While the analysis set forth above is generally true, the title opinions which may exist regarding the lease should be reviewed, or any instrument in the chain of title which may have severed the surface from the minerals should be reviewed. Occasionally, specific language in instruments in the chain of title may dictate a different result. For example, in Landreth v. Melendez,8 while the surface owner ultimately lost his case when he asserted that the lessee-operator did not have the right to utilize a certain type of pump which interfered with the surface owner’s irrigation system, the Landreth case did indicate that if the instrument which severed the surface and minerals (whether by reservation or by grant) vested the surface owner with rights to grant easements or to otherwise limit the use of the surface regarding future lessees, the clear wording of that prior instrument will prevail. Hence, even if the lease is unambiguous and contains a clause similar to the one set forth above, if the mineral owner-lessor did not have the right to grant those rights, the lessee may not avail himself of them.

Growing Crops

While the laying of pipelines or other actions are authorized, and generally without the payment of damages, the typical form of lease may provide for the payment of damages for growing crops. In Wohlford v. American Gas Production Company,9 in an unusual fact situation, a well was blown on the premises,

 “..but, unknown to the lessee, some arsenic was blown out with the other matter and deposited on the surface of the land, causing damage to the land and grasses produced thereon. The court said that “it is conceded that this is the first known case of arsenic damage from a gas well”; and held the lessee not liable because “a party should not be held responsible for the consequences of an act which ought not reasonably to have been foreseen.” Here the court treated the alleged liability as based on tort and not on contractual provision.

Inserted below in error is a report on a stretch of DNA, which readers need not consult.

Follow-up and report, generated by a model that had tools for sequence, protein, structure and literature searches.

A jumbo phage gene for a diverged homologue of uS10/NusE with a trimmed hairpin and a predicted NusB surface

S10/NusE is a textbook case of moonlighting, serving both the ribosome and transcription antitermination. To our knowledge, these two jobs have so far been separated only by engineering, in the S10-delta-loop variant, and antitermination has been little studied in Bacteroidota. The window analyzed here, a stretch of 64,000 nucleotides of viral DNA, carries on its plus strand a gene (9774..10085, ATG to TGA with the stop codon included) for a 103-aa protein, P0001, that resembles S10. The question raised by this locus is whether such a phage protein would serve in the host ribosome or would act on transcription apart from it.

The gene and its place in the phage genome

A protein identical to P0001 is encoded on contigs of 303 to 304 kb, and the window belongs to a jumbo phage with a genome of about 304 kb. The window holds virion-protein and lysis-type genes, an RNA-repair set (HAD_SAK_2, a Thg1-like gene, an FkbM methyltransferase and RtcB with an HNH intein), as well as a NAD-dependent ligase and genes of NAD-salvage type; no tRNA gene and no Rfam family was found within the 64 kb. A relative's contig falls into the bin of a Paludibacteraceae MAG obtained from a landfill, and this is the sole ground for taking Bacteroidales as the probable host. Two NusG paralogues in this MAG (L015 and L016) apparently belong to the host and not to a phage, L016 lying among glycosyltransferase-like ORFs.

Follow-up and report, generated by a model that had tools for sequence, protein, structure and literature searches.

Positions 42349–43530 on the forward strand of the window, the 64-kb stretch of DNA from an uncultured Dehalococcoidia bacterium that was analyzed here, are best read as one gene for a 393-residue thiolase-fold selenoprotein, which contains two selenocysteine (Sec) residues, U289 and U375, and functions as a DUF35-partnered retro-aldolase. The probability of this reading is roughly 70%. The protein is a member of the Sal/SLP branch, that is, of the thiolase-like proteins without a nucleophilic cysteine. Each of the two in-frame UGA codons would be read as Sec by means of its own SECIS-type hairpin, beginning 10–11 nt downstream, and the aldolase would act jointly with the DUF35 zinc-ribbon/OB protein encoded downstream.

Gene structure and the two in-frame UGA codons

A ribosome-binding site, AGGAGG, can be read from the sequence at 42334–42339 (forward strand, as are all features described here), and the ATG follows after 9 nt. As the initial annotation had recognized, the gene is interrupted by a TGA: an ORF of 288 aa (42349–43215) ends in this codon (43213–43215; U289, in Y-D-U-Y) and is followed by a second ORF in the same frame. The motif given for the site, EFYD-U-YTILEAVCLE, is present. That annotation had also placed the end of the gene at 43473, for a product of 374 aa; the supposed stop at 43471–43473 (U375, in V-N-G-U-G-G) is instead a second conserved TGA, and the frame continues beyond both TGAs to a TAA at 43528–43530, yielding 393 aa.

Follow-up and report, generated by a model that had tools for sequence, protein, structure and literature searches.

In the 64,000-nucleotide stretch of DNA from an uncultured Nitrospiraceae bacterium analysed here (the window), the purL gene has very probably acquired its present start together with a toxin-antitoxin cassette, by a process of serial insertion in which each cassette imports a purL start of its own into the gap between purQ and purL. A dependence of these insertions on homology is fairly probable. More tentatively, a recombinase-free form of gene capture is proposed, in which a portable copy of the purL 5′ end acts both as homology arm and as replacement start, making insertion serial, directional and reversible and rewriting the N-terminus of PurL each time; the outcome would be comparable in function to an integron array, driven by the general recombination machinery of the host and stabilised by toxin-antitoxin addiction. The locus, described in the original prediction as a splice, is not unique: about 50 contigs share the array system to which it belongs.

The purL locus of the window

In the same case the court held that the words “growing crops” in its “commonly recognized meaning does not include the natural products of the soil, such as native grasses used for grazing cattle.” The court called attention to the fact that “the idea of burying pipelines below plow depth and of paying for damage to growing crops are expressed in a single sentence,” and that “obviously the draftsman had in mind products of the soil which result from planting, cultivation and labor.”10

In Rohner v. Austral Oil Exploration Co.,11 the lease contained the clause: “The lessee shall be responsible for all damages to timber and growing crops of lessor caused by the lessee’s operations.” The lessor sued the lessee for damages to corn crop, watermelon crop, productivity of four acres of ground, a fence and for annoyance and mental anguish. Damages were allowed for the two crops, but as to the other three items, it was held that no damages were recoverable without proof of negligence of the lessee.12 So, Rohner may be taken as standing for the proposition that the only damages due are to the growing crop, and not the future use to which the land may be put, or for future crops which might be grown on the land or the portion which may not be available for cultivation. While Rohner is a Louisiana case, the reasoning in consonant with Texas law.13